A few minutes later we had another moment like that. Tay wanted a picture of the organ console to take back to his parish musician in Toronto, and we came across the Verger (a person who oversees liturgical ceremonies) who had arranged the Eucharists that we had in the Cathedral, and asked him if we could see the console. No problem. He hurried away and then reappeared with another big ring of keys and another private little door was unlocked and up we went on a narrow staircase, this time a circular one, until about a story and a half higher we came out on top of the choir screen - the carved stone wall that separates the area of the Choir from the Nave of the Cathedral. These screens are common in English cathedrals. Sometimes they were put up to cut down on the winter drafts, since spaces this large tend to develop their own microclimates. But in the case of Canterbury the Choir was almost completely enclosed so that the monks could say their offices in some privacy, while the throngs of pilgrims visiting the shrine of Thomas Beckett could come and go without interruption. And there we were - high above the Choir, and even higher above the Nave, because in Canterbury the Choir is up a long flight of stairs from the Nave - having a view of the Cathedral that few people ever have. It's the only place in the building where you can see straight through from one end to the other. And there was the organ console. And in one of those little surprise revelations, there was also an overstuffed sofa and chair where presumably the organist and any assistants relax when the service goes on too tediously. There was also a video camera that looks down on the Choir, because the organist can't see over the edge of the screen down to where the actual choir sings and he needs to watch the director. Apparently in earlier times an assistant leaned over the edge and signaled the organist when to begin and when to stop. And we had another small guide to the mysteries of that wonderful place, and another demonstration of how very much the staff is devoted to it.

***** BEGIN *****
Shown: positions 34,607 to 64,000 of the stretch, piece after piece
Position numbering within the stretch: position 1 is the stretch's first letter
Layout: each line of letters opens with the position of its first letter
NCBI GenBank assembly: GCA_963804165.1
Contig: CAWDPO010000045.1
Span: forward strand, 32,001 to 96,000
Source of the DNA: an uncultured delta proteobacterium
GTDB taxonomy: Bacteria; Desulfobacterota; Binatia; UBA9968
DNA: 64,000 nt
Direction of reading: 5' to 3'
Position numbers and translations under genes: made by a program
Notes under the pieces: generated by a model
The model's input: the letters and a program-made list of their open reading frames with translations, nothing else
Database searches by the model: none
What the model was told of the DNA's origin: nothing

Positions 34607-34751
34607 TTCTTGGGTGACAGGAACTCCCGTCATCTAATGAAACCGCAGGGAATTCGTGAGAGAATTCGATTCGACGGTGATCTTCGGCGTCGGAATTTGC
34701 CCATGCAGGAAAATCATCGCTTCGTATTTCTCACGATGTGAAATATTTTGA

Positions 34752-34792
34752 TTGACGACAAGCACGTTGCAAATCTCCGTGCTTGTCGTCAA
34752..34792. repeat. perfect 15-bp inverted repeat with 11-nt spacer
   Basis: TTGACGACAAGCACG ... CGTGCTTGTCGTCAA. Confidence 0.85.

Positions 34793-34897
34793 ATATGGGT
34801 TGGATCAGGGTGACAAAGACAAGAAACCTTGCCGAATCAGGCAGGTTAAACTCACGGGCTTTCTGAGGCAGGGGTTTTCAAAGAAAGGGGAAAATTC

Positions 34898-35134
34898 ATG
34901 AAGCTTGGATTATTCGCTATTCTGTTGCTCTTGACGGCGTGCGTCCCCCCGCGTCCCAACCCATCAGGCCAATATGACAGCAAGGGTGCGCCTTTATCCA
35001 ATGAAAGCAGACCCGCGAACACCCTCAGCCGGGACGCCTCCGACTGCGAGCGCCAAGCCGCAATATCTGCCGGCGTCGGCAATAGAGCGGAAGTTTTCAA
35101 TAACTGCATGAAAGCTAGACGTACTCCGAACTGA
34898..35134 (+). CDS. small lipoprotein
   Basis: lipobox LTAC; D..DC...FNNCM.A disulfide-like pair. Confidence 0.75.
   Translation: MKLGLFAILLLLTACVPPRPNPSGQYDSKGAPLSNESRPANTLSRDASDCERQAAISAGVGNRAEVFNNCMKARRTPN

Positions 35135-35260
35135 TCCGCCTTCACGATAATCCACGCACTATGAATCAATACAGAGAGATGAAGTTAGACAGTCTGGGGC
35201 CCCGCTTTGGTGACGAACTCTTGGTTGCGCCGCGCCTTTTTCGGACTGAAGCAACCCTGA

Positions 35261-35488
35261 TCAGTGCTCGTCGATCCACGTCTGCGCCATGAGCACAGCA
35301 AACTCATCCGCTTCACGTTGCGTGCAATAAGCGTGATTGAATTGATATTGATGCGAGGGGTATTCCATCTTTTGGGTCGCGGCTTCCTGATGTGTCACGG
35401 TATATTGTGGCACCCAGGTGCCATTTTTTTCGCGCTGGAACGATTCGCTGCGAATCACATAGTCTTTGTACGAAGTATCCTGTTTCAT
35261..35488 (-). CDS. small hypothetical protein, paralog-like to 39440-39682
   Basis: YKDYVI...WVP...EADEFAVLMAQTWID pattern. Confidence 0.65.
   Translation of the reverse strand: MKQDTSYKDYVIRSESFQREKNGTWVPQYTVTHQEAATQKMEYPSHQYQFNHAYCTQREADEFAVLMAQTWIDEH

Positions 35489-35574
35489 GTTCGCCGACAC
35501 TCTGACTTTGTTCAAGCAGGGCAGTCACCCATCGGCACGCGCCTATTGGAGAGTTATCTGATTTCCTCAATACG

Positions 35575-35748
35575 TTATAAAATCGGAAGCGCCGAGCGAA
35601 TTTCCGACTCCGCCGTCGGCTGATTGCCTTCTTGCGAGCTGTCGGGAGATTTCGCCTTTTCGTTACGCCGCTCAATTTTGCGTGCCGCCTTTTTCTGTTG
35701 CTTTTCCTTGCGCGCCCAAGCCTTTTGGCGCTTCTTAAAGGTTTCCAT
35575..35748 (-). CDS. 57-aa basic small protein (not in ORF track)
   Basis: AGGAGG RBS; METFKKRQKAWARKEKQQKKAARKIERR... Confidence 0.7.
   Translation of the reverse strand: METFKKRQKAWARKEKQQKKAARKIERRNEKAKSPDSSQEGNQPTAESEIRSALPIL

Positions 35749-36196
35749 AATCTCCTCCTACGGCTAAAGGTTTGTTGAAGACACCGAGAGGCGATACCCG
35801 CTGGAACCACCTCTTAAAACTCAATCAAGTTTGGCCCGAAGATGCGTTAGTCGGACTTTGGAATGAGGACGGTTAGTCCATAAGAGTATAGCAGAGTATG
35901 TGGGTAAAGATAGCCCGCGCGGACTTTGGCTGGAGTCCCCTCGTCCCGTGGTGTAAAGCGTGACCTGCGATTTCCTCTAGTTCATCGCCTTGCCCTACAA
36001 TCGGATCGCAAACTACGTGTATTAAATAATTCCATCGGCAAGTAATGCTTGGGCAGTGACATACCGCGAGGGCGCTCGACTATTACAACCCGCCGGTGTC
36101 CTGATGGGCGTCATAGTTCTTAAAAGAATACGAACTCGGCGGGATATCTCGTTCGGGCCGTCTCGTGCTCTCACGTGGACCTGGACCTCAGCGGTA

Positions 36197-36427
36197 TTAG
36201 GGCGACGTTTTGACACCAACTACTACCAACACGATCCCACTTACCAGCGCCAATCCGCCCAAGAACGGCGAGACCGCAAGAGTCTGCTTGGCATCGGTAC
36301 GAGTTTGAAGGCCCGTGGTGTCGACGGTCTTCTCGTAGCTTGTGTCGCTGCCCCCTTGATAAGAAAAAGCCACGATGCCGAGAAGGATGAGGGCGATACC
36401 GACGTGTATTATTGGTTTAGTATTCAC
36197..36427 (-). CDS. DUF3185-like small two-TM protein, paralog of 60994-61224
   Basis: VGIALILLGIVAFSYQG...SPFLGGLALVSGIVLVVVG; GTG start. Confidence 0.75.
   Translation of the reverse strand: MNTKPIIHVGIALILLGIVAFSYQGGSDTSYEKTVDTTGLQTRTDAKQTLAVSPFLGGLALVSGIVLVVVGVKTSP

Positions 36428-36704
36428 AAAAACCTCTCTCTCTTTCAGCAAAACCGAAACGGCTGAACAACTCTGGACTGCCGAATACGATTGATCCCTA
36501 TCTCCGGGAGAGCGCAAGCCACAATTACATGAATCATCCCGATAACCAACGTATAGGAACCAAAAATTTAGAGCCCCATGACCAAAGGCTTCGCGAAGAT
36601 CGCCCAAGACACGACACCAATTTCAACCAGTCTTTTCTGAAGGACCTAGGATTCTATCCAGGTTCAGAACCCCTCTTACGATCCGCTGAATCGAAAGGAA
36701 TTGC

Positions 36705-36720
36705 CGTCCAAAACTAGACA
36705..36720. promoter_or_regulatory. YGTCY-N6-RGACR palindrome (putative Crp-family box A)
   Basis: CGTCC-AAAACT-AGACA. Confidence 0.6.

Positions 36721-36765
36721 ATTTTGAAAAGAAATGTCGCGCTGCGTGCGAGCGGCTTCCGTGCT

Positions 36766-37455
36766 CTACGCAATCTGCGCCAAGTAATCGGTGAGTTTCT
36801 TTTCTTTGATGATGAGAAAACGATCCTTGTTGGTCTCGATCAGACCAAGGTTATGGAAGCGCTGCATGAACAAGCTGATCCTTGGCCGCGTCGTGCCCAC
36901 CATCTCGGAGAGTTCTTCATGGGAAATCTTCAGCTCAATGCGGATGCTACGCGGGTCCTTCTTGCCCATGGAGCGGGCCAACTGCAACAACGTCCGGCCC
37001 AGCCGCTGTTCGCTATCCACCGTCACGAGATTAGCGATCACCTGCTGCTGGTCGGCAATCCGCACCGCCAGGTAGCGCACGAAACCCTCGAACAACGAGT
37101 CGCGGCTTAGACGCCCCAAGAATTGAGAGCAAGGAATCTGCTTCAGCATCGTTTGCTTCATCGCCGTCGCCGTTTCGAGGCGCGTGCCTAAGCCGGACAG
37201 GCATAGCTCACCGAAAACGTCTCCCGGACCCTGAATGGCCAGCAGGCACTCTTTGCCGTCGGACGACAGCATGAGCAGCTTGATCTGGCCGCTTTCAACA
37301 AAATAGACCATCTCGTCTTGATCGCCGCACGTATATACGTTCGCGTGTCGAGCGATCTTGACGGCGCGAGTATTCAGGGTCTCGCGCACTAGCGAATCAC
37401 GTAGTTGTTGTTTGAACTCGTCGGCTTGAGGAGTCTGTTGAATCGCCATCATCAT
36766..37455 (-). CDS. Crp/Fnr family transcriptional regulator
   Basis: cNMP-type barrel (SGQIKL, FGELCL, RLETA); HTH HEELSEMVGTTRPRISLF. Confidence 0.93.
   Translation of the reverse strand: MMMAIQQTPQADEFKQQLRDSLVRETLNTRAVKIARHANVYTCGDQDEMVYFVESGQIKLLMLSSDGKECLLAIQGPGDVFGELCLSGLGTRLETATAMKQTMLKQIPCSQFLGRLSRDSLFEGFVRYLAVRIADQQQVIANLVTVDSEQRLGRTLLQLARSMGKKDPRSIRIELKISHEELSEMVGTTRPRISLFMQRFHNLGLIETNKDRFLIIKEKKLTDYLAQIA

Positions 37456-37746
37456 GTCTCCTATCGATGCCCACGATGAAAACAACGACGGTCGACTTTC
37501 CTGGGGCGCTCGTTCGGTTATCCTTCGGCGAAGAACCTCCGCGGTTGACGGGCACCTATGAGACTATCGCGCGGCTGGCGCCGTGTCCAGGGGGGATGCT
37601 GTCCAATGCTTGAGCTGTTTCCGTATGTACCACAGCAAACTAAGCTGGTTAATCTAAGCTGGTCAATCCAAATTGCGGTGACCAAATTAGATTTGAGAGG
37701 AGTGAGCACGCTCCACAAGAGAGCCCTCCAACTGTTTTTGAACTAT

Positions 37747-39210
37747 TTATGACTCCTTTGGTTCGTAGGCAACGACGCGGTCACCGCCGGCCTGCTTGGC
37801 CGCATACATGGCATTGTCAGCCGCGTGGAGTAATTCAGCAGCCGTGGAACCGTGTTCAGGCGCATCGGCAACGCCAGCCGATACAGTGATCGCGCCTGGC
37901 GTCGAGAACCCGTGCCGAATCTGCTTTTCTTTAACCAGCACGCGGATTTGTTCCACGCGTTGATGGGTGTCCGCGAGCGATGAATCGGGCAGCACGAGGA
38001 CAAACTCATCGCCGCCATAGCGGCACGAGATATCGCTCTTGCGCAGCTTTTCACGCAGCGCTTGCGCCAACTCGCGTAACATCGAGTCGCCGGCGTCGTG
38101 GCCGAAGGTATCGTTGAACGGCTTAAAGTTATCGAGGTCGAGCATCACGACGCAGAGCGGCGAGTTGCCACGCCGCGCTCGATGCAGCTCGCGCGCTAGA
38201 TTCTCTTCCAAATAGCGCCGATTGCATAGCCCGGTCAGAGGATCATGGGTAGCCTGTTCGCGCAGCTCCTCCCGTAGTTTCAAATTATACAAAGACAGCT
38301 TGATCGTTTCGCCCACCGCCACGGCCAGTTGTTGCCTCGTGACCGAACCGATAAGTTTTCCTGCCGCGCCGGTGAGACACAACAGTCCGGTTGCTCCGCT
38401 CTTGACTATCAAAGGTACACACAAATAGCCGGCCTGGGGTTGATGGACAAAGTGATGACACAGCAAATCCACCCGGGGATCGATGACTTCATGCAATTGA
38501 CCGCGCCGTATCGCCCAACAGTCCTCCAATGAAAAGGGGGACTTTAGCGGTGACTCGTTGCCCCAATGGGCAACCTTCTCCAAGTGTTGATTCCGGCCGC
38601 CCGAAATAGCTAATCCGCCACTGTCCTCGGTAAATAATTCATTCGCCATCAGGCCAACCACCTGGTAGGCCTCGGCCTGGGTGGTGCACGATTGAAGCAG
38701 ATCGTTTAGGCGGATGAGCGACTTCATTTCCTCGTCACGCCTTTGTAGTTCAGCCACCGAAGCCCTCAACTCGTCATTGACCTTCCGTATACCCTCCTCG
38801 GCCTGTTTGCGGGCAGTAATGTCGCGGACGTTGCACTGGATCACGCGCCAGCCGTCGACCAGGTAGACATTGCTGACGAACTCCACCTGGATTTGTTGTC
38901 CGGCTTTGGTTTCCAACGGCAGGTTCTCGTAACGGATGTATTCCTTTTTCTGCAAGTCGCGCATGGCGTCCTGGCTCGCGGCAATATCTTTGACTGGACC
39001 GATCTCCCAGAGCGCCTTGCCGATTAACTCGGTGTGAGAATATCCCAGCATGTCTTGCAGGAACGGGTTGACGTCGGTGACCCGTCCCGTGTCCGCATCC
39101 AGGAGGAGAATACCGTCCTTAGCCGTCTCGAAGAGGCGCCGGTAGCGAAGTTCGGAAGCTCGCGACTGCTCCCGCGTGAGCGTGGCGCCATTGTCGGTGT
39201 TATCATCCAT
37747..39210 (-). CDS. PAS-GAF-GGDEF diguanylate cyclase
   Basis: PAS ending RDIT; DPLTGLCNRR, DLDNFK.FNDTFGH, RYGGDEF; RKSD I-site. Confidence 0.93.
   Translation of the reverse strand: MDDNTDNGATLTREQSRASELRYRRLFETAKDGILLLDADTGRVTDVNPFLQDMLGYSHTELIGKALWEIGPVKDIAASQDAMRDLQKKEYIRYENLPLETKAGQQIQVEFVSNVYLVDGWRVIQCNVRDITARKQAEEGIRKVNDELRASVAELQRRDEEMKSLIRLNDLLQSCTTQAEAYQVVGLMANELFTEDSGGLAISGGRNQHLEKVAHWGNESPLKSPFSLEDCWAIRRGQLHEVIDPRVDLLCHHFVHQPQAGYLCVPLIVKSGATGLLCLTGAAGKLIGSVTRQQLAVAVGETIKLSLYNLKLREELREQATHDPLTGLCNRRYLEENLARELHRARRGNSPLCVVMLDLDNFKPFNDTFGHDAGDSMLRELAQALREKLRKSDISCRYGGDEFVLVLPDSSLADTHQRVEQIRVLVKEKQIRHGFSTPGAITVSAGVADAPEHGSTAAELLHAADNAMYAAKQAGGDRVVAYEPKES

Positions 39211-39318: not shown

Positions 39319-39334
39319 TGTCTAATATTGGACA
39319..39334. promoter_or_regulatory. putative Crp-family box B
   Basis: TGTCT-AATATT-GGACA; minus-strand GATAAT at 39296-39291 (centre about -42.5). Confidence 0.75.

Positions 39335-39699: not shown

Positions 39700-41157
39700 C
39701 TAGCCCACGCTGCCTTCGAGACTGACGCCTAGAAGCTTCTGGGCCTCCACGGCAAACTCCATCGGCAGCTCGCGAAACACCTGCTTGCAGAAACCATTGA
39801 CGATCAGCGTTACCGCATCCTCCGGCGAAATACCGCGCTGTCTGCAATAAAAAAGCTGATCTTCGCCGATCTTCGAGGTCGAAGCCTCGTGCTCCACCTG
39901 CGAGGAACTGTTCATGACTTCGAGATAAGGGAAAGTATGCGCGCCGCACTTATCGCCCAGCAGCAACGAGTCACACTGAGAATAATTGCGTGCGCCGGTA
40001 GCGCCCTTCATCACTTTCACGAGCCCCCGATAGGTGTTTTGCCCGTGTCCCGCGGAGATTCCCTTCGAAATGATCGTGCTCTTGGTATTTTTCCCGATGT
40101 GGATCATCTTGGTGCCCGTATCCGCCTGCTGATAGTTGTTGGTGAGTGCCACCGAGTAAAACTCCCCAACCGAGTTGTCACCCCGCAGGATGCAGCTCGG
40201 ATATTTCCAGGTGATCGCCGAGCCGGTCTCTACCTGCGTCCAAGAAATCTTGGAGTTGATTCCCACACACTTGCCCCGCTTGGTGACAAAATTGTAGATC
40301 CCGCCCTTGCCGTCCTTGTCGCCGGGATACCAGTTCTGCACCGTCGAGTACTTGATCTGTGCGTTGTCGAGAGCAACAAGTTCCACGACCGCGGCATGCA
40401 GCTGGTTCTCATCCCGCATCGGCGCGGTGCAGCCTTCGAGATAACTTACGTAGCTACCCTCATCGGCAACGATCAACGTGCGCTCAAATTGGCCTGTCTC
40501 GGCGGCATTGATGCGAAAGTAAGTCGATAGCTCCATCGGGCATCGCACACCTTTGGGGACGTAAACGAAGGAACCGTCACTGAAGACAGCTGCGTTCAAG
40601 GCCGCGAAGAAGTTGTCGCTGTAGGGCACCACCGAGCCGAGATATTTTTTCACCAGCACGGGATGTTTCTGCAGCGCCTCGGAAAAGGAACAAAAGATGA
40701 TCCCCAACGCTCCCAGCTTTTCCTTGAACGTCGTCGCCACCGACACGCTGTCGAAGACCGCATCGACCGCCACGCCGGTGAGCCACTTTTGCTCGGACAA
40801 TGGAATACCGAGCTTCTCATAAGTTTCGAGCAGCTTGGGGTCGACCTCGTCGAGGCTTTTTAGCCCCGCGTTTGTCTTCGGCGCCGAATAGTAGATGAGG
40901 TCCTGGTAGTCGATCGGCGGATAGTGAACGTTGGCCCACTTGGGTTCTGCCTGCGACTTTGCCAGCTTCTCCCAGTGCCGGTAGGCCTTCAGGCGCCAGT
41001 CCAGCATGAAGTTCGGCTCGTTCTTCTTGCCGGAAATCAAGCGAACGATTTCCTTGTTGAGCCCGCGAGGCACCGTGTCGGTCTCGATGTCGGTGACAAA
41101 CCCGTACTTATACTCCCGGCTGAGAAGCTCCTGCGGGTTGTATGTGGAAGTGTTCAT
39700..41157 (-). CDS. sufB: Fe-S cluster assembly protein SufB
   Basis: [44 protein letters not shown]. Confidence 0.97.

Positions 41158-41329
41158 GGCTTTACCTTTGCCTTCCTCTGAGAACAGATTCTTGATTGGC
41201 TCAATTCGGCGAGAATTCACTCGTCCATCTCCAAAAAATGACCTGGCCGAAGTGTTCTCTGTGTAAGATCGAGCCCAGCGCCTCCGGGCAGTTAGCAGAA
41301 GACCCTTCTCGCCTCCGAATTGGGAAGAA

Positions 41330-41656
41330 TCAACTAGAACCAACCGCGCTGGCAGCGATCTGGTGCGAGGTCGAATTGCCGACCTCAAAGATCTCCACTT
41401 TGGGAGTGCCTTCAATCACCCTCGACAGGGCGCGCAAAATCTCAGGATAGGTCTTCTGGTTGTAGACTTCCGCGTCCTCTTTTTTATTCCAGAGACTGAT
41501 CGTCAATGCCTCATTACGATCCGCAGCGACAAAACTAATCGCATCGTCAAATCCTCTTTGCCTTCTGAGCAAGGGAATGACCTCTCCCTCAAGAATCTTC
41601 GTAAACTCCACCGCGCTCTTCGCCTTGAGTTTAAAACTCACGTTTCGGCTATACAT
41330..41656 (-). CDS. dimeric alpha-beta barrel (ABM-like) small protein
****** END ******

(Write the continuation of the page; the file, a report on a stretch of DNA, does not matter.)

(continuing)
And lastly in my memory is the East end of the crypt, under the former location of Beckett's shrine, where the Jesus Chapel is, where we had most of the services for our group. It's another light and airy space, because of the late Gothic windows all around. What I remember most from there is the silence, because that part of the building is kept for prayer. And I also remember the huge columns - some about 4 feet in diameter - because they spoke to me of how the weight of that tremendous building has borne down on them for so many centuries. There's a sense of stability and power in those columns, and they speak with their own language.
And of course there are many other things, but this will have to do for this time.
Now I'm off to Colorado for some vacation. Mountains feed my soul, so I'm going to visit friends who live in Idaho Springs and let myself be fed. Expect another interruption in my writing, but I will be back towards the end of the month and then I'll resume again. In the meantime, I'll hope that you are relaxing, too.